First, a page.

As commonly known, LSTMs (Long short-term memory networks) are great for dealing with sequential data. One such example are multivariate time-series data. Here, LSTMs can model conditional distributions for complex forecasting problems.
For example, consider the following conditional forecasting distribution:
Notice that we predict the cholesky decomposition of the conditional covariance matrix. This ensures that the resulting covariance matrix is positive semi-definite. Now, this approach would allow us to model quite complex dynamical problems.
On the other hand, however, the degrees of freedom in this model will rapidly explode with increasing dimensionality
D of the multivariate time-series. After all, we need
(D^2+D)/2 LSTM outputs for the covariance structure alone. This can clearly lead to overfitting quite easily.
Another disadvantage is the assumption of a conditionally Gaussian time-series. As soon as our time-series is not a vector of real-numbers, this model does not work anymore.
Thus, a potential solution should satisfy two properties:
- Allow to parsimoniously handle high-dimensional time-series
- Work with conditionally non-Gaussian time-series
LSTMs with Gaussian Copula
As a potential solution, we could separate the dependency among the time-series from their marginal distribution. Hence, let us presume constant conditional dependency between the time-series but varying conditional marginals. This indicates that a Copula model might be a good approach - for simplicity, we use a Gaussian Copula.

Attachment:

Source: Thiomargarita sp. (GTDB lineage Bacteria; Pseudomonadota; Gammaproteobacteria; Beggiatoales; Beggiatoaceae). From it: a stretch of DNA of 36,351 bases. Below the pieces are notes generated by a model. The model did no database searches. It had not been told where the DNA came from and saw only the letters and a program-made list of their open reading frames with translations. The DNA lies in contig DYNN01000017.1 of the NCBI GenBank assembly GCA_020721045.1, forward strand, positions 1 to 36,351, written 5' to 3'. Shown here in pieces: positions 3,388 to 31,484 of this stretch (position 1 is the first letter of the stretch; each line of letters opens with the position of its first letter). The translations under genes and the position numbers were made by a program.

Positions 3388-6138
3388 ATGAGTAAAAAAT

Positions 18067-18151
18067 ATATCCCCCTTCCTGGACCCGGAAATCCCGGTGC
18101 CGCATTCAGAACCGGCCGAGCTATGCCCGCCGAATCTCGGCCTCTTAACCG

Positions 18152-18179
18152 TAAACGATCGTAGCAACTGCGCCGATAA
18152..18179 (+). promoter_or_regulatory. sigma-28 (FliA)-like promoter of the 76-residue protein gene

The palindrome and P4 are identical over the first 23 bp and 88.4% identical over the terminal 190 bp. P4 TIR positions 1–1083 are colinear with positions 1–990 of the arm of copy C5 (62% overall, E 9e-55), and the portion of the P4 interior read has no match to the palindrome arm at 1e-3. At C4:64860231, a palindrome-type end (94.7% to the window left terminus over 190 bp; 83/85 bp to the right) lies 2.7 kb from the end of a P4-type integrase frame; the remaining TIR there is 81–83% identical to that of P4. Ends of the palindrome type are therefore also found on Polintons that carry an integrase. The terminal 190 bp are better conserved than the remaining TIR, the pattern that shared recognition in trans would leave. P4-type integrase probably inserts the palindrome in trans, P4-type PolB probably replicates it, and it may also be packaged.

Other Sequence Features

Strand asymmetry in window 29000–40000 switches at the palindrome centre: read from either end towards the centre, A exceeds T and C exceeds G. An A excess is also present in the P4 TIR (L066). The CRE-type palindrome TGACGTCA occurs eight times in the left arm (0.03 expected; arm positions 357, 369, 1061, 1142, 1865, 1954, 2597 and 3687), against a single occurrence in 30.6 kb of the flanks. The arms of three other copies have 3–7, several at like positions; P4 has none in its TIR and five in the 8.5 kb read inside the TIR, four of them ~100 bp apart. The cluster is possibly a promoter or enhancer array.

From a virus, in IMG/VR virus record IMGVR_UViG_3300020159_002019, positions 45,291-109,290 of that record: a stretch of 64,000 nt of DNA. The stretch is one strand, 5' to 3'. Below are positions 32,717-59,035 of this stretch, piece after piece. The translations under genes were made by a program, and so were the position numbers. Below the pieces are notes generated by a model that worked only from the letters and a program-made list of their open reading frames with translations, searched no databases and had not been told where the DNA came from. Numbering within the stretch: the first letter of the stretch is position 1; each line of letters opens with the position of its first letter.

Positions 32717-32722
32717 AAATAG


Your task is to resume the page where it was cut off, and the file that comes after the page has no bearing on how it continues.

Since the basics of the Gaussian Copula have been discussed in this previous article, we won't repeat them here.
In summary, our model looks as follows:
This allows us to deal with arbitrary continuous marginal distributions. In fact, we could even work with mixed continuous marginal distributions. In order to achieve sparsity in the copula parameter matrix, we could, for example, add a regularization term as is typically done when estimating high-dimensional covariance matrices.
The only drawback now is the assumption of a constant dependency over time. If this contradicts the data at hand, we might need to model the copula parameter in an auto-regressive manner as well. A low-rank matrix approach could preserve some parsimony then.
To show how this could be implemented in the case of Gaussian marginals, I have created a quick Jupyter notebook with tensorflow. Regarding the Copula part, the tensorflow example on Gaussian Copulas has a ready-made implementation using tensorflow probability bijectors.
 Hochreiter, Sepp; Schmidhuber, Jürgen. Long short-term memory. Neural computation, 1997, 9.8, p. 1735-1780.
 Nelsen, Roger B. An introduction to copulas. Springer Science & Business Media, 2007.